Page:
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How to use it. The picturesque appearance of the tea tree, highly ornamental and sculptural, makes it inherently a specimen tree. Given room and time to mature, its limbs will only spread and twist more, creating a living landscape sculpture and perfect shady landscape spot.
Australian Tea Tree can also be trained as a windbreak, a garden screen or a covered walk — shown here at Lotusland in Santa Barbara, California. While this treatment of the tree prevents its branching structure from taking shape, fine leaves and flowers will still blanket its branches. This use requires more labor to maintain.
Planting notes. Native to coastal climates, tea trees thrive in well-drained, slightly acidic soil. The tree is susceptible to root rot if the soil is too moist. Long living and quick growing, Australian Tea Tree requires little additional care once established. If you let it grow out completely, you can thin areas to emphasize its shape; otherwise it requires little pruning.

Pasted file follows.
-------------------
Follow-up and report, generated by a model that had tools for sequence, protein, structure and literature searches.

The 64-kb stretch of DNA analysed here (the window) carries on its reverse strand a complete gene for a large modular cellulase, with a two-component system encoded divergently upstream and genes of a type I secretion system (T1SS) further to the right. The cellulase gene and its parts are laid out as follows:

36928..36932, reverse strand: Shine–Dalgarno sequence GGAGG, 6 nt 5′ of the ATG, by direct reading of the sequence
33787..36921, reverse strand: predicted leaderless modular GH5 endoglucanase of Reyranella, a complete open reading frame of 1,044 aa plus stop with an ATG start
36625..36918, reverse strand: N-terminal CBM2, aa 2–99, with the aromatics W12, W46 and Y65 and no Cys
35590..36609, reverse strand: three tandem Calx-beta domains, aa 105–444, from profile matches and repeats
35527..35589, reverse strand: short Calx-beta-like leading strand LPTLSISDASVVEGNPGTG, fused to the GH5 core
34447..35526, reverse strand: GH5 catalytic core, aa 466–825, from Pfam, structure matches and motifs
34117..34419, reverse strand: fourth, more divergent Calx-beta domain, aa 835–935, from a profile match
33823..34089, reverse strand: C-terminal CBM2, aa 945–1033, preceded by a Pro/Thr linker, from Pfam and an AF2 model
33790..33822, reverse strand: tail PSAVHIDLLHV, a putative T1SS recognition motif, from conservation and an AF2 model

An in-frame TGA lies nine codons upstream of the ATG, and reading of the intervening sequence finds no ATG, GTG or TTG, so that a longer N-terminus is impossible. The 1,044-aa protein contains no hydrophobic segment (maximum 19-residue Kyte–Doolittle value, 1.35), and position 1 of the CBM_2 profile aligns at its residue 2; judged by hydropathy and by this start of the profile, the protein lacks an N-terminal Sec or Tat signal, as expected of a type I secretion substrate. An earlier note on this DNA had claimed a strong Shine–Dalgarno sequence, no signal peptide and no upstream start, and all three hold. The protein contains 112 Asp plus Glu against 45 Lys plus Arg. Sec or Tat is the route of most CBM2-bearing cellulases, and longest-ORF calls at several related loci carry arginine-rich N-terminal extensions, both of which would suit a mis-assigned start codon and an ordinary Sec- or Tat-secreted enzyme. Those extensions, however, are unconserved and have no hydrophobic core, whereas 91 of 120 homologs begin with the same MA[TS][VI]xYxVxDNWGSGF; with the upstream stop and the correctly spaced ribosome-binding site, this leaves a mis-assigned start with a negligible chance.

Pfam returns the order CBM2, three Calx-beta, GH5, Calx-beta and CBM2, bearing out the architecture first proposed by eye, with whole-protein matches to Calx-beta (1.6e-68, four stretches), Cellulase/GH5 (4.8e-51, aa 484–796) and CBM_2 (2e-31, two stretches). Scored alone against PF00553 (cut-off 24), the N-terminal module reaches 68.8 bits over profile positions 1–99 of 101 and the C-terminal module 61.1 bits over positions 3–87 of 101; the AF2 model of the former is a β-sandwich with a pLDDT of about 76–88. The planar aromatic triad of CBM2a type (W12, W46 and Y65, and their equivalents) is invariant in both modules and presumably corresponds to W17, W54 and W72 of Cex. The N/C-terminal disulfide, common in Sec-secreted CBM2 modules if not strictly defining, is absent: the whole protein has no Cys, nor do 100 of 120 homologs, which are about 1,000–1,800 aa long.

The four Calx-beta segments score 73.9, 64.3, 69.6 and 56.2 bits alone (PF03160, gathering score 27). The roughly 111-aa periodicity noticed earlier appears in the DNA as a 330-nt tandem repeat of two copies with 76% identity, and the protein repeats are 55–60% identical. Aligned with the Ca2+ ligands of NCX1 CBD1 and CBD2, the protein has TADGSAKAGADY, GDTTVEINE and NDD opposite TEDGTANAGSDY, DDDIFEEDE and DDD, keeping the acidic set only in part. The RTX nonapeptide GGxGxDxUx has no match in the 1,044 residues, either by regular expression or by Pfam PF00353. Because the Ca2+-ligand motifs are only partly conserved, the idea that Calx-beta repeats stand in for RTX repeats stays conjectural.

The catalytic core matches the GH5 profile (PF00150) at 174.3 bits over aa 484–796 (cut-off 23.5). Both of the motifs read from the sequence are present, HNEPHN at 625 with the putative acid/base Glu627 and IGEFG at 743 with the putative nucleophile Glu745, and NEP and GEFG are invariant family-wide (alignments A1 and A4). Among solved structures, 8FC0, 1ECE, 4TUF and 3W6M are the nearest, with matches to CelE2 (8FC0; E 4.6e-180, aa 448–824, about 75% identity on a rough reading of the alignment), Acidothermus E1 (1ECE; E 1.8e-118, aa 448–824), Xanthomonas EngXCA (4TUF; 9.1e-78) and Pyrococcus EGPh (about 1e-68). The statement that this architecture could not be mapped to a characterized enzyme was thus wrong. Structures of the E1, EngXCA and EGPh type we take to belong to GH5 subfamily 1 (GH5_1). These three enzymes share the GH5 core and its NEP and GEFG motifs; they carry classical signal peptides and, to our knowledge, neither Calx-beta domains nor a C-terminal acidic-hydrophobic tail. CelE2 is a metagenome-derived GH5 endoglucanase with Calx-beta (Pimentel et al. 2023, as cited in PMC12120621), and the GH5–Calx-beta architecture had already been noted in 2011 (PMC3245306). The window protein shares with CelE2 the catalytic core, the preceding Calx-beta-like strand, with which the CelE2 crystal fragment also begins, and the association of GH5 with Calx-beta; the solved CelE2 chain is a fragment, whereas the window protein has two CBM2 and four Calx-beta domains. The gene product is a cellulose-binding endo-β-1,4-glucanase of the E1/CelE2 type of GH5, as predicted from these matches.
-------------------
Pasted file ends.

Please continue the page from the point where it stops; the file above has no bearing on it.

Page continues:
More great design trees:
Dove Tree | Bald Cypress | Chinese Witch Hazel | Japanese Maple | Manzanita
Persian Ironwood | Smoke Tree | Texas Mountain Laurel | Tree Aloe
Great design flowers:
Ornamental Allium | Canna Lily | Catmint | Golden Creeping Jenny | Pacific Coast Iris
Plumbago | Red Kangaroo Paw | Sally Holmes Rose | Slipper Plant | Snake Flower
Great design plants:
Euphorbia | Red-Leafed Mukdenia | Blue Chalk Sticks | Hens-and-Chicks
Redtwig Dogwood |Toyon
Great design grasses:
Black Mondo Grass | Cape Rush | Feather Reed Grass | New Zealand Wind Grass